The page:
Friday, August 19, 2016
 
In NDPR Scott M. Campbell reviews Sacha Golob's Heidegger on Concepts, Freedom and Normativity.
[W]hen Golob talks about truth, he deviates from the more common understanding of truth in Heidegger as unconcealment prior to correctness and incorrectness by saying that Heidegger is a minimal representationalist whose notion of truth must contain "accuracy conditions". Golob argues that for Heidegger, truth involves meaning, and thus understanding, and something can always be understood either correctly or incorrectly. As such, to understand Being involves the correct or incorrect understanding of the properties of a thing, which constitute its essence. For Golob, an entity cannot simply be disclosed or given. It must be contextualised, the "a" variable must be located within the "b" variable, and with the "a as b" structure an accuracy condition is operative.
 
Thursday, August 18, 2016
 
In Phenomenological Reviews Elad Lapidot reviews Reading Heidegger's Black Notebooks 1931-1941.
So much Heidegger hermeneutics, so little time. Yes, reading takes time, takes lives. The question of reading “philosophically”, seriously, rigorously, the so far approx. 2,000 published pages of the series of fragments that make out half of the entire Black Notebooks, in the context and as the last 7 of the 102 volumes of Heidegger’s Collected Writings – is a real life question, existential question: is Heidegger worth our limited time?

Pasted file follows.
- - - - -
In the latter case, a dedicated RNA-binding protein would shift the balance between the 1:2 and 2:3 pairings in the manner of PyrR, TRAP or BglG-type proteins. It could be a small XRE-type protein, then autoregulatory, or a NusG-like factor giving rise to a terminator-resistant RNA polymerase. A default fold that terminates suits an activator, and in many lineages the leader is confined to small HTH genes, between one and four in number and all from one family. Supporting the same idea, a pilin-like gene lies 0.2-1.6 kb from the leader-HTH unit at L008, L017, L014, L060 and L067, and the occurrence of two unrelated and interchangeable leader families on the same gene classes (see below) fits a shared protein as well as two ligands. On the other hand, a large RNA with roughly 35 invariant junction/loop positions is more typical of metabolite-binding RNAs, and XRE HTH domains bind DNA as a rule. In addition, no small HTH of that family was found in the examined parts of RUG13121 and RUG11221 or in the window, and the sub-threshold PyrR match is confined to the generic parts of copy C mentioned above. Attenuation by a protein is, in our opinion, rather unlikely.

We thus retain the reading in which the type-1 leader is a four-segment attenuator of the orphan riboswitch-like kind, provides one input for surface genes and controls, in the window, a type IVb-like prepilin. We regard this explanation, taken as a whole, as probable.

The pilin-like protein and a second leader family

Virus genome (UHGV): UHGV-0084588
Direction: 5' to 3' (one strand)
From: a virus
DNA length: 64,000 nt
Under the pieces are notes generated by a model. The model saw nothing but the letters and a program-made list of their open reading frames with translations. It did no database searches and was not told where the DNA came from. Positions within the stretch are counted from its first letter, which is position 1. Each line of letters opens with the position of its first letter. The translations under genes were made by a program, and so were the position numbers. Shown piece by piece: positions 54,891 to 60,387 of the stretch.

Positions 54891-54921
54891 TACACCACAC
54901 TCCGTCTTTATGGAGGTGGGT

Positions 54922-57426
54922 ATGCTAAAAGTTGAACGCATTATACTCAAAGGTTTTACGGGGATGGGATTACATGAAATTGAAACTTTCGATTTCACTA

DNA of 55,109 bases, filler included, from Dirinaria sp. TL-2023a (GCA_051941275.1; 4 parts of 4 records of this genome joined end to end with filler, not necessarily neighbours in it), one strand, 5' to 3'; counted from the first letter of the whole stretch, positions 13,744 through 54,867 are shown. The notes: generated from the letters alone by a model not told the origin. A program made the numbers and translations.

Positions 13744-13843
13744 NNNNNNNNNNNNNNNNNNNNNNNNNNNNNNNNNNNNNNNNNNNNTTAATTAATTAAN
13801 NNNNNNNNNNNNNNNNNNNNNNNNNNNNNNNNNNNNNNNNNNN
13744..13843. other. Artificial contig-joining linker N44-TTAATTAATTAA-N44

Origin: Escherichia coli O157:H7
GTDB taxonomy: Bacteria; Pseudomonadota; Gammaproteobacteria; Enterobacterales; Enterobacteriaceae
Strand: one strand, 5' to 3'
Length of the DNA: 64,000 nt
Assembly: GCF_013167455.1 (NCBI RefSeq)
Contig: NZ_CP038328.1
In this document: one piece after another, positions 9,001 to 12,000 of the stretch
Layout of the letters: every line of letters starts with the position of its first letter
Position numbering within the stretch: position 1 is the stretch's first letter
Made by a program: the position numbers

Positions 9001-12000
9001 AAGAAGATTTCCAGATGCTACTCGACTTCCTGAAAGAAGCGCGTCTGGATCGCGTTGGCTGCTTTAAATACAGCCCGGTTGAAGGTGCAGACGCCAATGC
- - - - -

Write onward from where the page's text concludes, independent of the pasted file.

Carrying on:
In Phenomenological Reviews Gregory Jackson reviews Ponderings II–VI. Black Notebooks 1931–1938.
Heidegger felt Being and Time never brought him his ‘Great enemy’ [he capitalises the G], for its only effect is to have increased ‘prattle about “being”’. In the end it is Heidegger himself, in his own view at least, who takes Being and Time on as the ‘sharpest opponent’, for although a failed work its intentions can still be effectuated.
 
Monday, August 15, 2016
 
Also in NDPR, Andrea Staiti reviews Alessandro Salice and Hans Bernhard Schmid's The Phenomenological Approach to Social Reality: History, Concepts, Problems.
Jo-Jo Koo discusses the early Heidegger's views of sociality and situates them in the context of the"non-summative constructionism" that characterizes much contemporary philosophy of sociality. This is the view that collective intentionality is not reducible to the intentions of the individuals involved, and yet emerges out of some kind of interlocking among them. However, Koo is very much aware of important differences between Heidegger and contemporary theorists. He nicely summarizes Heidegger's distinctive contribution in the following terms: "Whereas analytic social ontologists are primarily concerned with the process or mechanism by means of which interacting individuals can construct social or collective entities (collective beliefs, intentions, actions, agents, institutions, etc.), early Heidegger's crucial move emphasizes the conditions under which all entities, including social and collective ones, can make sense at all". Koo's analysis emphasizes the role played by Heidegger's famous notion of the anyone (das Man), as the condition that enables individuals to have a referential nexus of practical possibilities that are governed by a set of publicly shared norms.
 
For when Ereignis is not sufficient.